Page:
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pronounced: ploo-MEER-ee-uh species
(Apocynaceae – the oleander family)
common name: Frangipani
No resident of Magnetic Island, nor any visitor to it, could be unaware of the countless frangipani trees that adorn our nature strips and gardens, with their heady perfume sweetening the air in the evenings. It is a common sight to see tourists collecting fallen blossoms from under the trees.
The genus, originally spelled Plumiera, was named in honour of the 17th century French botanist Charles Plumier, who travelled to the Americas and documented many plant and animal species. Frangipani was the name of an Italian perfume used to scent gloves in the 16th century, and named after its creator, the Marquis Frangipani. When the flower was discovered, its perfume reminded people of the perfume of the scented gloves.
Native to Central America, Mexico and Venezuela, and related to the oleander, the trees grow from about 5 to 8 metres tall. The leaves are dark green and shiny (though most local trees are affected by rust) with a prominent midrib. The stems and leaves contain a white, milky sap. Frangipani are now found in all tropical regions.
There are quite a few varieties of frangipani on the island, including Plumeria acutifolia (Latin – ‘pointed leaves’), that has white flowers with yellow centres; Plumeria rubra (‘red’), deep pink flowers with yellow centres; Plumeria lutea (‘yellow’), yellow flowers sometimes flushed pink; and Plumeria tricolor (‘three-coloured’), white flowers with yellow centres and red or pink tips. Most of the local trees are deciduous, losing practically all of their leaves before bursting into flower, but some varieties and cultivars keep their leaves during the flowering. The highly scented flowers are most fragrant at night, in order to attract sphinx moths to pollinate them. The flowers have no nectar, and the scent is exuded simply to attract the moths, who pollinate them by transferring pollen from flower to flower as they fruitlessly search for nectar.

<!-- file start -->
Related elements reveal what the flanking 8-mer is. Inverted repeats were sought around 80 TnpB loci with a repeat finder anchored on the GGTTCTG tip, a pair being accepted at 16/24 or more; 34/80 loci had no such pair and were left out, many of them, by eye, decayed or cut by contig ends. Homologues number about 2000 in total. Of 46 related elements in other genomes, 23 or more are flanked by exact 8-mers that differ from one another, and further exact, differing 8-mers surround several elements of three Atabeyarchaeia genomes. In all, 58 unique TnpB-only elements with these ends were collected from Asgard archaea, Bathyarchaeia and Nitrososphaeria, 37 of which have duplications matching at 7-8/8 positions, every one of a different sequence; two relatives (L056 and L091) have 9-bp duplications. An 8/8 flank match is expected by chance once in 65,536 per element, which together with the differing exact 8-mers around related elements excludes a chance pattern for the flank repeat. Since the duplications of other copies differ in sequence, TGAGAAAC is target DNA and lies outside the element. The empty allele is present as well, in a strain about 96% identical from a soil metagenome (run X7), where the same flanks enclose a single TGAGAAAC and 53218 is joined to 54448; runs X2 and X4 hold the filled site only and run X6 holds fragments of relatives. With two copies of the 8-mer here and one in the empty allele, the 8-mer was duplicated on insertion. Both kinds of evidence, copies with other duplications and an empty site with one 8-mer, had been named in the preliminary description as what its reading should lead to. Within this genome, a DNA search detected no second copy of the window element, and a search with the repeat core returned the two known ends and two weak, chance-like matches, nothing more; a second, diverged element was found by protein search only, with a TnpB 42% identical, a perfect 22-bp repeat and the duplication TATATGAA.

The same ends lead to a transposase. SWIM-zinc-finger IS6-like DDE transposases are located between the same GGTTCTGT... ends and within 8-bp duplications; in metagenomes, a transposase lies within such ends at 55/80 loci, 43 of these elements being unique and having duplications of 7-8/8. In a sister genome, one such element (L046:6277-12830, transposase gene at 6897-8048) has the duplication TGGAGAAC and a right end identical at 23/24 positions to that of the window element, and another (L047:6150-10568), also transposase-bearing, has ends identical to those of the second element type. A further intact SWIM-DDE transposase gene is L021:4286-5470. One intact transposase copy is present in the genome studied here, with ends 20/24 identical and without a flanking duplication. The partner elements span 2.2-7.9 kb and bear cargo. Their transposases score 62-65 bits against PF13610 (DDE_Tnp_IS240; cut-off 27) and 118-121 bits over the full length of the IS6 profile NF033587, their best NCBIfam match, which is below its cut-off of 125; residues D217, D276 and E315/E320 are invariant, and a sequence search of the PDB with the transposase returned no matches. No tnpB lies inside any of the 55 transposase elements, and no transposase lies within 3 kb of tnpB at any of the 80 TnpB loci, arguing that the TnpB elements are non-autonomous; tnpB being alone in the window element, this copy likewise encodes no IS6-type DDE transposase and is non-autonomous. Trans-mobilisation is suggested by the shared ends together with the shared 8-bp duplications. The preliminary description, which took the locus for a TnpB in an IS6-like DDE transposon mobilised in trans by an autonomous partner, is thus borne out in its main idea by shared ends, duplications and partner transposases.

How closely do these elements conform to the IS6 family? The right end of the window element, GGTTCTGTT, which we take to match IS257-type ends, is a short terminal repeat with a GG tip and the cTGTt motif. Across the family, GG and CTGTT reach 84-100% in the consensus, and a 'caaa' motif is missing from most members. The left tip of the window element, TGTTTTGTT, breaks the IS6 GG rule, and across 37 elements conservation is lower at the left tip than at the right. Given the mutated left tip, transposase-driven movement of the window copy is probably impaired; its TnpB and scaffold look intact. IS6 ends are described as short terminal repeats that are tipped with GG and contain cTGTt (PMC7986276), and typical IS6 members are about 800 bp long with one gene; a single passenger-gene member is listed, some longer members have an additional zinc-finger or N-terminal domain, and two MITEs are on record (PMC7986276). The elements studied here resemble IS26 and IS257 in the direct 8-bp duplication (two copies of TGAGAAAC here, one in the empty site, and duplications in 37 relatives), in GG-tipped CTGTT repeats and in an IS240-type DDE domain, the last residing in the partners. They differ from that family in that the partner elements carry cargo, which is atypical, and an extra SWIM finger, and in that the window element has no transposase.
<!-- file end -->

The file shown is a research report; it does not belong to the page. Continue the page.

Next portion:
Seed pods are produced only occasionally, and take 8 or 9 months to mature. They grow to full size very quickly in the first 2 months or so, and the rest of the time is for the seeds to develop. The pods can have one or two horns, either long and pointed or shorter and more oval, and contain 30 – 100 seeds, depending on the cultivar. The seeds have a wing on one end, and the other end enlarged to contain the embryo. If left on the tree, the pods eventually dehisce and the seeds are dispersed by the wind. If it is desired to save the seeds, the pod should be enclosed when it ripens, preferably in a cloth bag, to prevent the dispersal. Signs of ripening include a shrivelling of the outer skin, and the appearance of a crack down the length of the pod.
In several Pacific islands, such as Tahiti, Fiji, Hawaii, Tonga and the Cook Islands, the frangipani is used for making leis. In modern Polynesian culture, the flower can be worn by women to indicate their status situation – a flower tucked behind the right ear means they are looking for a relationship, and behind the left ear means they are already in a relationship, and not available.
In parts of southern Asia, the trees are reputed to shelter ghosts and demons. In Malay folklore, the scent of the flowers is associated with vampires. The trees are associated with temples in both Hindu and Buddhist cultures, although Hindus don’t use the flowers in their temple offerings. Plumeria alba is the national flower of both Nicaragua and Laos.
Attractive as the flowers are in both appearance and scent, there is a down-side from the point of view of the gardener. As well as a deep and hard tap root, there are many lateral roots that spread along the surface of the ground, and these can disturb lawns.
The shedding of the leaves is quite a prolonged process, and anyone who likes a tidy garden will be raking up leaves every day for quite a few weeks. If the tree is badly affected by rust, the leaves can be quite unpleasant to handle. In spite of that, most residents wouldn’t be without a frangipani tree or two, and they are so easy to propagate – just stick a piece of a branch in the ground and it will grow.
Photographs taken at Picnic Bay 2004-2015
Page last updated 25th January 2017